Read next… 

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Daniela Sunde-Brown

Daniela Sunde-Brown

I'm an Australian travel and food writer who has called Lisbon home since 2018. To help others explore Portugal, I write deep stories about Portuguese traditions, regional dishes, local artisans, and sustainable fashion and ceramics
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4 Responses

  1. We have just come back from Olhao for the 5th year running, we always stay for 3 weeks each summer. We have eaten in pretty much every restaurant and I used to be a chef (my own food blog is still floating round the Internet somewhere). I think it’s unfair that the first restaurant you recommend here is one owned by an English guy. Not least because the food is merely alright, certainly not fabulous, but because there are so many more far better, far cheaper locally owned places. Prezares for example is amazing, as is Terra I Mar and Ammar I Mar, O Bote outshines it easily, too. You also missed Cicada de Frango for the best Piri Piri chicken you’ll ever taste. All the restaurants on Culatra are wonderful, serving fresh, inexpensive fish and seafood dishes but Joao Farol is probably the best (booking is essential and you’ll need to work out how to do it in Portuguese)
    Other things to do in Olhao include watching authentic Fado at Republica, having an amazing cocktail at R Famous or simply wandering round the historic City of the Dead orcthe ornate cathedral which gives Olhao it’s city status . If you’re there in August you can catch the biggest Pirate festival in Europe, the breathtaking Festival do Marisco (seafood festival – seafood stalls, live music, children’s entertainment) and the Festival to honour the Lady of the Sailors, a 3 day party involving decorated boats, a feast, music and a procession.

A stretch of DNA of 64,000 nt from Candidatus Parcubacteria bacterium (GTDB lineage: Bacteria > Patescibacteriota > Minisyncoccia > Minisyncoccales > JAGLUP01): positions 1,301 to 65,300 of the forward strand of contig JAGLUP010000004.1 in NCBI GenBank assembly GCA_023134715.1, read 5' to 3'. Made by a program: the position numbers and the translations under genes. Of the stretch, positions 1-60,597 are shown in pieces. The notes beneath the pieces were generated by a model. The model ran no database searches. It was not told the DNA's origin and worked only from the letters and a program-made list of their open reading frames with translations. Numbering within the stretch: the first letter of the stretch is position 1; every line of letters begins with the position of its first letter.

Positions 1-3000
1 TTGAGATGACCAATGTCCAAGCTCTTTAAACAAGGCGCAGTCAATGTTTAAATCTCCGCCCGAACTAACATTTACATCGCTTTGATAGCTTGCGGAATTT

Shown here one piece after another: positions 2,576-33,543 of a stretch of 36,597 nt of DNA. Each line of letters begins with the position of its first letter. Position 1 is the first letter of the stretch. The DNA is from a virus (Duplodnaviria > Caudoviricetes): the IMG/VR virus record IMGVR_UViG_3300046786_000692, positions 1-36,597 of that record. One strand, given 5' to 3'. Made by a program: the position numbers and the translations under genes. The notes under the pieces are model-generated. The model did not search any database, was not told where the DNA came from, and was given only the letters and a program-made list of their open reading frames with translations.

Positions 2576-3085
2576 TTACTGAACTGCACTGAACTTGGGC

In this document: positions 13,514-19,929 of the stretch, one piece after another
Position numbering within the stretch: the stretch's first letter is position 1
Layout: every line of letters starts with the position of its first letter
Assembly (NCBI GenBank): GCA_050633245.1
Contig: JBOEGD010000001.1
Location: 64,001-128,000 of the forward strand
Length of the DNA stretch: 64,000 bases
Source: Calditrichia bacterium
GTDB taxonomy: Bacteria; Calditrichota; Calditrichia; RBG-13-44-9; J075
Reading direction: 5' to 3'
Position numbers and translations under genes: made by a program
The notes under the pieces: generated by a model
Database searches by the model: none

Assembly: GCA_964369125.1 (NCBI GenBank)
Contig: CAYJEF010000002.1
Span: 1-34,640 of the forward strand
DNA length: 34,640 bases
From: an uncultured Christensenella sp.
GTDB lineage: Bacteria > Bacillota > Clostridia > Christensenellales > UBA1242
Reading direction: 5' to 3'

1. Hi Jo, Thanks for your comment! I appreciate the extra tips for Olhão – there’s always lots happening there through the summer months. I hear what you’re saying about Chá Chá Chá and I understand. If you take a look at my other food posts you’ll see I’m a huge advocate for local Portuguese spots (tascas, tabernas etc) and am always seeking out authentic meals over the latest French-Asian fusion (or whatever the hot new things is). Kevin might be English, but he’s a huge part of the community and a local advocate for Olhão. I had the pleasure of interviewing him recently for a food publication and we had a long chat about his favourite vendors, farmers and producers. Each morning he goes to the mercado, picks the produce himself and has great relationships. The Portuguese can be very humble, so I feel a different ingredients-focused project like his can show producers that their often hard, underappreciated work adds value to the world. He buys all local and employs a local all-female team, so that gets a thumbs up from me. I’m going to add the spots you suggested to my to-eat list and hopefully I’ll get down there again soon 🙂

    2. THANKS for the info. Hope to visit in October…know of any festivals or events 19 Oct onwards. (10 days). Or where to find such information.

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Headshot of Daniela Sunde-Brown in a tiled dress with a straw hat on

Olá, I'm Daniela

I’m an Australian travel and food writer who has called Lisbon home since 2018. To help others explore Portugal, I write deep stories about Portuguese traditions, regional dishes, local artisans, and sustainable fashion and ceramics 🙂